Offsetting the current liabilities are current assets. Current assets (or working capital) are readily available for operations (e.g. to pay salaries, rent, etc.), they include cash and short term investments (e.g. money market funds),accounts receivable (bills to be collected within the current year), pre-paid expenses and goodies that are in inventory and that are to be sold within the operating year. So current assets are offset by current liabilities and the difference is called ‘Net working capital’. Net working capital is an indicator as to how liquid or capable a company is to fund current operations and expiring debt.
Working capital and the fixed assets such as machinery and buildings are making up the corporation’s operating capital which is in turn funded by shareholder equity, corporate debt and other liabilities. Enough said; time for Microsoft!
In 2011, Microsoft has no debts that require significant interest payments. It has to pay taxes though. There is no equipment or significant depreciation or amortization. All its research and product development is paid out of sales revenue and considered part of the production costs. Now talk about being profitable!
There are other companies that have very little assets, Engineering Procurement Companies (EPCs) like SNC-Lavalin. They can rent their offices and hire and fire their assets - engineering and support staff - with little notice. Of course, staff can leave the company as well and start working for a competitor or the EPC’s clients on short notice. SNC’s real assets are its client base and the project contracts. So what are you buying when you invest in SNC or Fluor or Bantrel?  Recognize some risk?
Microsoft has ‘only’ $12 billion in long term debt.  But it also owes another $11 billion in deferred taxes (read interest free loan from the government) and other liabilities such as moneys reserved for legal liabilities in ongoing court cases as well as patents and licenses that have to be paid for; etc.  If you add this all up then in 2011 Microsoft had $51 billion in liabilities (both current as well as long term) and $57 billion in shareholder equity. Total assets (operating capital) were $51 plus $57 billion or $108 billion.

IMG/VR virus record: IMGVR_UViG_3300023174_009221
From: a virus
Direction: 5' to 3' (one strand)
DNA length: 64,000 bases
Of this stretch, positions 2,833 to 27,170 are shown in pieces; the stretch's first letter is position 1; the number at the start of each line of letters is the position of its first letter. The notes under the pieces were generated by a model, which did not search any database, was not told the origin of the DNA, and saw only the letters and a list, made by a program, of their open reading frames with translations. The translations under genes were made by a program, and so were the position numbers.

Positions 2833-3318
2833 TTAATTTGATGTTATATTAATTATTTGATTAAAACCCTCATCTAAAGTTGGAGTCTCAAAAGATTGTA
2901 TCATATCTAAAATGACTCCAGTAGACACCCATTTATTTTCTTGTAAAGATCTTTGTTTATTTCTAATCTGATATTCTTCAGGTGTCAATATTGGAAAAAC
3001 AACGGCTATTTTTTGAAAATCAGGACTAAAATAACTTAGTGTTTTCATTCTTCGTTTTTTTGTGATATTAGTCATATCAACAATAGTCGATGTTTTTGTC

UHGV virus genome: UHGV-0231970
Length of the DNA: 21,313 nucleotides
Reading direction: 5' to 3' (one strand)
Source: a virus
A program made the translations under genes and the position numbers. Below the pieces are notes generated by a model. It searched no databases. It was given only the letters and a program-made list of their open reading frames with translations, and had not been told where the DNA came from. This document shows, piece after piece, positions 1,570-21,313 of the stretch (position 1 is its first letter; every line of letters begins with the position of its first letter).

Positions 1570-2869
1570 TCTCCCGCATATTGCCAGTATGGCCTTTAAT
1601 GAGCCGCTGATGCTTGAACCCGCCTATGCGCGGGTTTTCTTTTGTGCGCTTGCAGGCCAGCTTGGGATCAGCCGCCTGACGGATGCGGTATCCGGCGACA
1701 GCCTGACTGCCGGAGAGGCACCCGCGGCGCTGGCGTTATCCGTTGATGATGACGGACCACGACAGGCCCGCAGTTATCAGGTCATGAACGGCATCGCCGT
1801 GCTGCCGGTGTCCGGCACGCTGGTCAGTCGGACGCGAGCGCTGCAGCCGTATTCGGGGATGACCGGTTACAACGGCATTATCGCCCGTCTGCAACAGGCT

So let’s now first complete the income statement:
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In 2011, EBITDA or operating profits were $28 billion; it paid no interest but owed $5 billion income taxes. Thus its NET INCOME, the profits owned by its shareholders, was $23 billion! That is $23 billion buckaroos to be divided amongst 8.4 billion shares or $2.75 per share. The company’s shares trade currently for $30 per share or a price earnings ratio of 9.37

What do shareholders do with their net earnings? Well, here lies the problem: Shareholders own but do not control the profits. That is done by management and the board. They determine how much of the profits are paid out to shareholders as dividends, how much is paid for share-repurchasing and how much is used for re-investment in corporate growth.
Now the question arises from those that read my postings about how debt increases corporate net earnings and earnings per share: how much leverage does Microsoft use? You could say $11.9 billion or you could say 11.9 billion plus $39.7 billion in interest free other liabilities, i.e. $51 billion.